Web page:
No one thought my brother Dave would live to celebrate his 75th birthday. He was born in the heart of the Great Depression, and my parents already had five little mouths to feed, including mine. They couldn't afford to have this baby at the hospital. It was a difficult delivery, and Dave suffered significant injuries that have affected him since.
Litchfield, Minn., had no special education in the schools in those days, so it was difficult for Dave to make much progress. When he reached sixth grade, it was clear he'd have to go to the state school at Owatonna, Minn.
That day looms large as one of the most wrenching of my life. My mother and I rode with the social worker to take Dave to Owatonna, where we found gray, cold-looking buildings.
After a tour of the school the superintendent said, "David, it's time to say goodbye to your family." Dave began to shake, breaking into a desperate sob. My mother wept and hugged him tightly. I thought I had to be strong, so I stood ramrod straight and rigid. I knew I'd lose it if I tried to put my arm around Dave. The lump in my throat hurt so much that I can feel it even as I write these words.
On our return home, I sat close to my mother and could feel her body trembling with quiet sobs. My throat was too tight to speak. I was sad to the core of my being.
In those days one walked the difficult passages of life mostly in stone silence. At night, though, my pillow was wet with tears as I cried myself to sleep. Now the bed we two brothers had shared seemed a mile wide and cold as a frozen, windswept prairie. No more poking each other, no more teasing, no more wrestling, no more giggling until our father came to stop us. Just silence.
I wondered how this could be — "Where is God in all of this? Why couldn't this have happened to me instead of him? Surely that would have been easier."
After more than two years at Owatonna, it became apparent that it wasn't the right place for Dave. He was brighter and better adjusted than most of his cottage-mates. By then the Litchfield school district realized it needed to educate children like Dave in the community. He made excellent progress and soon began earning his own money.
He collected newspapers, magazines and cardboard boxes, which he cut, sorted and packaged in the garage and periodically sold to a recycling company. Then for more than 25 years he worked on the assembly line at the local turkey processing plant. And he had a Saturday evening job cleaning the bakery.
When the turkey plant closed, Dave became a custodian at Emmanuel nursing home — an ideal place for him. He had a special way of relating to the elderly. He brought sunshine into their lives as he swept and mopped floors.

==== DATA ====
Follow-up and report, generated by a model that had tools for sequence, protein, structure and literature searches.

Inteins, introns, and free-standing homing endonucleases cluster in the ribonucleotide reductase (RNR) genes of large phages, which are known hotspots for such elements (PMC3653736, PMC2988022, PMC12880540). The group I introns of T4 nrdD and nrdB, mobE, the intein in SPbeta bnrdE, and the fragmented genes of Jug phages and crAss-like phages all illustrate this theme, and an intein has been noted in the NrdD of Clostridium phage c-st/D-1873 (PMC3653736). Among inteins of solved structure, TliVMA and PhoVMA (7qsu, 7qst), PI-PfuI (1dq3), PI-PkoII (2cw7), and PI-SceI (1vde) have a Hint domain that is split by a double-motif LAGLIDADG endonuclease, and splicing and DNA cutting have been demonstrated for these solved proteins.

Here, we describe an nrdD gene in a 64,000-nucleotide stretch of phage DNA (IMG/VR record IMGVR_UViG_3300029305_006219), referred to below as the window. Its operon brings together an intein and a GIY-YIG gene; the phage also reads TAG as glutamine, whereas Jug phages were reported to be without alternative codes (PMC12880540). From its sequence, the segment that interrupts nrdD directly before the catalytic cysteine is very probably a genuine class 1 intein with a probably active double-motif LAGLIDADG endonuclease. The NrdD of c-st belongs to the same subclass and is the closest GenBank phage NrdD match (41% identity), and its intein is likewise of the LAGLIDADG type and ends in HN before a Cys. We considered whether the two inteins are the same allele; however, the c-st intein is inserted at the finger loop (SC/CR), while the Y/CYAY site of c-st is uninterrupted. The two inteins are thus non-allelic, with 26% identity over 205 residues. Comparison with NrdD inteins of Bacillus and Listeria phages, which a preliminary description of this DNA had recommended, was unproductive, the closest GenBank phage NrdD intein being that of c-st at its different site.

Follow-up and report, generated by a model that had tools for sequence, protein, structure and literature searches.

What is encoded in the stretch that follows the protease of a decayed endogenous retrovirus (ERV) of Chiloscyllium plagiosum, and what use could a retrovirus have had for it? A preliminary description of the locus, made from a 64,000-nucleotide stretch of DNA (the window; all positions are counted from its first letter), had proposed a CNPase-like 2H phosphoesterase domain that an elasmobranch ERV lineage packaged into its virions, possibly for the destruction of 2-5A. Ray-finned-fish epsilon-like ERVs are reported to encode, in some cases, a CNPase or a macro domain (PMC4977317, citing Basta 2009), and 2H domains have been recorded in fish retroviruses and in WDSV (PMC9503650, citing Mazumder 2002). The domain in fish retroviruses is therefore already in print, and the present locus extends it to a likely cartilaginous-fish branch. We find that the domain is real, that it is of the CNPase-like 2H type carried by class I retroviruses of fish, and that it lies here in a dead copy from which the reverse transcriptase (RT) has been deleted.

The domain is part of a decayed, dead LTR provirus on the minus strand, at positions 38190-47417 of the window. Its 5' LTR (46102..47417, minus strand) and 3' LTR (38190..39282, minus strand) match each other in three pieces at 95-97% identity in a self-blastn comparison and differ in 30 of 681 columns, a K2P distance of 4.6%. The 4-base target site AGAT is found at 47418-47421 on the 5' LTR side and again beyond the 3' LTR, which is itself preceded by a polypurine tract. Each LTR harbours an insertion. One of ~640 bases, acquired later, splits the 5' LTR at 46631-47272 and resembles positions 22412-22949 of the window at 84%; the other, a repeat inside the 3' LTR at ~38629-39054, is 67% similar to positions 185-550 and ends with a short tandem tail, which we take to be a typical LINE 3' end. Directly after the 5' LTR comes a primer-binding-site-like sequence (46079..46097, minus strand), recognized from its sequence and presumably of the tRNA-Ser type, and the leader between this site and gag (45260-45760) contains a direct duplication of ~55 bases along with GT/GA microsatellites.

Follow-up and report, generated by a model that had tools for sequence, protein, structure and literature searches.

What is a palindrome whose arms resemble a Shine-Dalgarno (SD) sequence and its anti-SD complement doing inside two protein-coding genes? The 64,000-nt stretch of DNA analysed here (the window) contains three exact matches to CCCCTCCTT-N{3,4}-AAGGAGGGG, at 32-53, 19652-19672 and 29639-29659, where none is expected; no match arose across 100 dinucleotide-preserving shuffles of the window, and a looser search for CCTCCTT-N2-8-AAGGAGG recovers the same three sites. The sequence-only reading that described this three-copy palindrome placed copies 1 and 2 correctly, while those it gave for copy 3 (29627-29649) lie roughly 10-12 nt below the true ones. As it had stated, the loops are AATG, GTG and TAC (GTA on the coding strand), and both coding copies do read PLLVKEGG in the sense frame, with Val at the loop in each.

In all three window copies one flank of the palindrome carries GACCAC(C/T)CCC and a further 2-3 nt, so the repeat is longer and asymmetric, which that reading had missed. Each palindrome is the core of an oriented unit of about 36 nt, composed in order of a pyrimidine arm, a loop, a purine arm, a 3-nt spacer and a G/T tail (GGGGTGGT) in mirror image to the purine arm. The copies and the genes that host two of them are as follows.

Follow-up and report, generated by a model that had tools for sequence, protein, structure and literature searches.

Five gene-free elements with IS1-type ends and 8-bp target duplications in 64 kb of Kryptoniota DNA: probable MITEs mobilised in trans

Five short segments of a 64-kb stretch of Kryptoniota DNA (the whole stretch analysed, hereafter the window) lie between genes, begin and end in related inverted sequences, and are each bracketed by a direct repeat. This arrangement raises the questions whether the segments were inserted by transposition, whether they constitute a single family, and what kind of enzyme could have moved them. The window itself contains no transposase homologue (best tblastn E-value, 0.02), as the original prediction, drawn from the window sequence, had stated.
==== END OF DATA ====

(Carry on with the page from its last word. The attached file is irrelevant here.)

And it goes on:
When I was a bishop, I'd stop to visit Dave. We walked the nursing home halls and chatted with those sitting along the way. They wondered who I was. They weren't impressed a bit that I was a bishop. But when I said I was Dave's brother, they lit up: "Oh, you're Dave's brother! He's wonderful. He does such a good job." I was roving the world at the time, meeting the high and mighty in countries everywhere. His world was mostly six square blocks. And yet in that world, he had become as important to them — and more so — than I was in mine.
Dave always has had a simple, deep faith. I've often referred to him in sermons as one who trusted in God. I'd say that he couldn't go to college, seminary and graduate school like his brother. But he has a calling. And if you heard him describe how important he feels about cleaning the bakery on Saturday night, you'd understand what it means for one of God's precious children to use his gifts. And you'd forever forget about belonging to an elite group of church professionals.
Dave has had a profound impact on my life, on his family and on hundreds of others. If I have some sense of working for justice for others, some sensitivity for those with limitations, some courage to speak out on issues of fairness, I owe much of that to my brother Dave.
Check out this week's articles:
Hosanna! Hosanna?: Were the crowds praising Jesus — or crying out for his help?
Hitting the road for God: Retirees in RVs? They just might be ELCA Mission Builders.
They were 'cool': In Argentina, a Lutheran ministry creates community, with a 'loud' voice.
'Flash of Genius': Film celebrates ideal of credit given where credit is due.Also: 'Grace Matters' canceled.
Discuss Mission Builders
March 31-April 7: Join Tom Chase (top right), director of ELCA Mission Builders and Marlys Waldo (bottom right), ELCA director for support networks, to discuss how retirees can help build Lutheran congregations.
Consider reading "Hitting the road for God" before joining in the conversation.
Tell us! Pastor goofs
For some of you it was just last Sunday, for others it was years ago. Pastors, please share with us your funniest — yes, likely embarrassing — ministry stories.
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Introducing The Little Christian
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